Words Dave Mullins.
Forming in 2010 in the city of Gothenburg, Sweden, Monolord have quickly gained notoriety as one of the heaviest doom acts in the world. Their first album Empress Rising dropped in 2014 and they’ve quickly followed that up with Vænir, a new album which is being released on 28/5/2015.
From the first few notes the tone of the record is clear; morose, threatening and bleak. It’s quite an amazing thing, it has the magnitude of an ocean and the foreboding of storm clouds, I find myself in awe of its scope. The band has managed to find an incredible amount of depth in their sound, every song painting a mural, a massive soundscape that seems to go on forever. Vocalist Thomas Jäger uses his voice sparingly, and sits it quite far back in the mix, it’s an interesting effect, if the guitars and drums are creating a wall of noise then his voice sits behind it, sort of peering over the horizon forcing us to reach out to it.
I’m calling a lot of attention to the gloom and darkness of this music, but that doesn’t mean that it isn’t inspiring and beautiful in its own right. For all of its immensity and sorrow this album is a masterpiece, a true work of modern art. No matter the length of the track, the songs never become stale, even where repetitive, it seemingly channels the mechanical nature of modern life. There’s times where the songs would feel quite at home in the soundtrack to The Terminator, the sort of paranoia and menace that Brad Fiedel was able to craft in his seminal 1984 soundtrack. The name of the album Vænir comes from the Icelandic word for prostitution, and it seems to be a reference to how we’ve traded the future of the Earth for money, songs like We Will Burn saying “you killed Mother Earth” and “when we burn, it’s your fault”. Monolord have previously explored this territory in their 2014 album Empress Rising.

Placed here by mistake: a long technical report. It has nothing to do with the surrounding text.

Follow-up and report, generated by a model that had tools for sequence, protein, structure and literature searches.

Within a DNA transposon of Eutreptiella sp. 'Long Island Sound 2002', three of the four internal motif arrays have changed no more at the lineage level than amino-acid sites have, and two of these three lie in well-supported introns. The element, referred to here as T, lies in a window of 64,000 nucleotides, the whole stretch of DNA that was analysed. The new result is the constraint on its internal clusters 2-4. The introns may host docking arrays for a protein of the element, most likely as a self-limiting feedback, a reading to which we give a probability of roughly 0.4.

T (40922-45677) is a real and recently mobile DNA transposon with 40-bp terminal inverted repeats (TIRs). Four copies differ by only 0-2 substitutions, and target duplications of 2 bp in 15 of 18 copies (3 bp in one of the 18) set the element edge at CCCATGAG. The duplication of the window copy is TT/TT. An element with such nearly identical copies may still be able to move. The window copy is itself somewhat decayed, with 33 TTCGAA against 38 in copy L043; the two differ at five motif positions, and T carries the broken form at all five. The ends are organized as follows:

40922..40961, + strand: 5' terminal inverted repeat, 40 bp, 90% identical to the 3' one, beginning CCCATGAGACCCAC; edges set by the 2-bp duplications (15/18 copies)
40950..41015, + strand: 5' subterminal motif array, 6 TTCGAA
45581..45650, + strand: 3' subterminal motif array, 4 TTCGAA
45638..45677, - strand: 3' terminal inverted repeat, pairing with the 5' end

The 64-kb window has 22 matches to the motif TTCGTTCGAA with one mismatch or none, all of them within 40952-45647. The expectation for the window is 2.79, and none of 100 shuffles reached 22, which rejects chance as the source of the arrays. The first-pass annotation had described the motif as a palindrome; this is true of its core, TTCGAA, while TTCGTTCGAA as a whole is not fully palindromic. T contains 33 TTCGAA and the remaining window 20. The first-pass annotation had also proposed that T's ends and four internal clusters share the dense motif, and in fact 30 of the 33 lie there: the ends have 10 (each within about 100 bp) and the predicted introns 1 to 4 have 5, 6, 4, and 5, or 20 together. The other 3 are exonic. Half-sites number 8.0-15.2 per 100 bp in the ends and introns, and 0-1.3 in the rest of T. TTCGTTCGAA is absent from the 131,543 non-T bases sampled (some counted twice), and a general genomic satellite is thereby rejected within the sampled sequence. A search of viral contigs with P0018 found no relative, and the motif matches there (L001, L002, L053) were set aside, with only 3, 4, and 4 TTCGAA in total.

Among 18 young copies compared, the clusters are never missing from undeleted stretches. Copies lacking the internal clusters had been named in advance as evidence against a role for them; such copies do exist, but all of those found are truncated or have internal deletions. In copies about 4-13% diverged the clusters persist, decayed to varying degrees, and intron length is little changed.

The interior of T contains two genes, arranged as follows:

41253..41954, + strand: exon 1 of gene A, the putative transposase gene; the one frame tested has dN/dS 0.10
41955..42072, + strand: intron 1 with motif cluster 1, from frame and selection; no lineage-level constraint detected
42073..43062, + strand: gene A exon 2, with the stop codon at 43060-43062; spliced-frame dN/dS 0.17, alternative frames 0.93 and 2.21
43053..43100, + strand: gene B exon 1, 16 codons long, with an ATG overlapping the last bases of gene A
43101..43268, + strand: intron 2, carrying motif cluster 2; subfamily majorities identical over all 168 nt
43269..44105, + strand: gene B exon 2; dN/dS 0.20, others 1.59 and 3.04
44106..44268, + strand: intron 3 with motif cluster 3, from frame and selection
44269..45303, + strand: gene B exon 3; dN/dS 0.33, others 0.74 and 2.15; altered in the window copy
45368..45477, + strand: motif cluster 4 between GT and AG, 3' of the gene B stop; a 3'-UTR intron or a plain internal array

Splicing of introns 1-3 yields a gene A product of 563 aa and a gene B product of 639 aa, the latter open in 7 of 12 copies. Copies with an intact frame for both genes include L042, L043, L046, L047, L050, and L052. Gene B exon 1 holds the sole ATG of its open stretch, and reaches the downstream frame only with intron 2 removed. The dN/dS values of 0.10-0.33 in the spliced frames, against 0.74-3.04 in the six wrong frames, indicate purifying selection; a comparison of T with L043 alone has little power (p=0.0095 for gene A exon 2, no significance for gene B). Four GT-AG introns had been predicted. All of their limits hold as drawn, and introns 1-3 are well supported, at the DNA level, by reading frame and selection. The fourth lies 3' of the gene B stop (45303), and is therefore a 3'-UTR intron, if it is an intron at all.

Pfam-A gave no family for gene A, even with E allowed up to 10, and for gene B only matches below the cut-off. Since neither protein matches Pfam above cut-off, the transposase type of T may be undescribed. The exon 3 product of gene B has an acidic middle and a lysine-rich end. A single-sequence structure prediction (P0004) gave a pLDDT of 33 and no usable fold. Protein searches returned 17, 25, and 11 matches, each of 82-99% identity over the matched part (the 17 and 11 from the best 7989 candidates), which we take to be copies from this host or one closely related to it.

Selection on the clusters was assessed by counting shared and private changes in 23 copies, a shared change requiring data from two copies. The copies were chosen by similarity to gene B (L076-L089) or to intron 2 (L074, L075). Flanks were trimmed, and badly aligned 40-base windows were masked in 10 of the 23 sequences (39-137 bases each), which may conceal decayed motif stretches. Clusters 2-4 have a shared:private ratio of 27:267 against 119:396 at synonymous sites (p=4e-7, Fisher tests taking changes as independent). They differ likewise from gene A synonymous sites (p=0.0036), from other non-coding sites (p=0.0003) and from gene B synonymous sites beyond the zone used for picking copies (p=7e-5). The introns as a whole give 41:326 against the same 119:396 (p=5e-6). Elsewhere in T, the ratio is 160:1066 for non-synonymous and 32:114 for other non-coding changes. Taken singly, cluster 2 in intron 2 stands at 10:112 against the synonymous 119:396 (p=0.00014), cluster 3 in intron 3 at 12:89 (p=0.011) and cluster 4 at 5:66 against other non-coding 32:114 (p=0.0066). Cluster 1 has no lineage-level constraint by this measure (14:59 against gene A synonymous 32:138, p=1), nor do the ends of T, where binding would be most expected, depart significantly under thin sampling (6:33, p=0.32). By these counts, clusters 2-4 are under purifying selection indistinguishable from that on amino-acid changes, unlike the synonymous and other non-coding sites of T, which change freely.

The production of the album is impeccable, a combination of good songwriting and recording techniques that allow the bottom end to maintain an amazing amount of clarity, even at its most rung out and fuzzy moments it still finds a balance between harmony and noise. The drums sit in a very comfortable and central position, never becoming too overproduced or compressed, which is a common by-product of bands trying to ‘heavy up’ their sound in post-production, but not the case here. The drums are minimalistic if anything, but they accent each and every hit, tonally locked to the highs of the guitars and lows of the bass.
Monolord have really sunk their teeth into this album, and the result is something that is both provocative, and mercilessly heavy. It’s a solid effort from a band at the absolute top of their game, I highly recommend it to any fans of heavy music. This album will move you, and it will inspire you.
I give this 5 out of 5 shots of Absolut Vodka.
Monolord’s Vænir is available to order now thorugh Riding Easy Records HERE.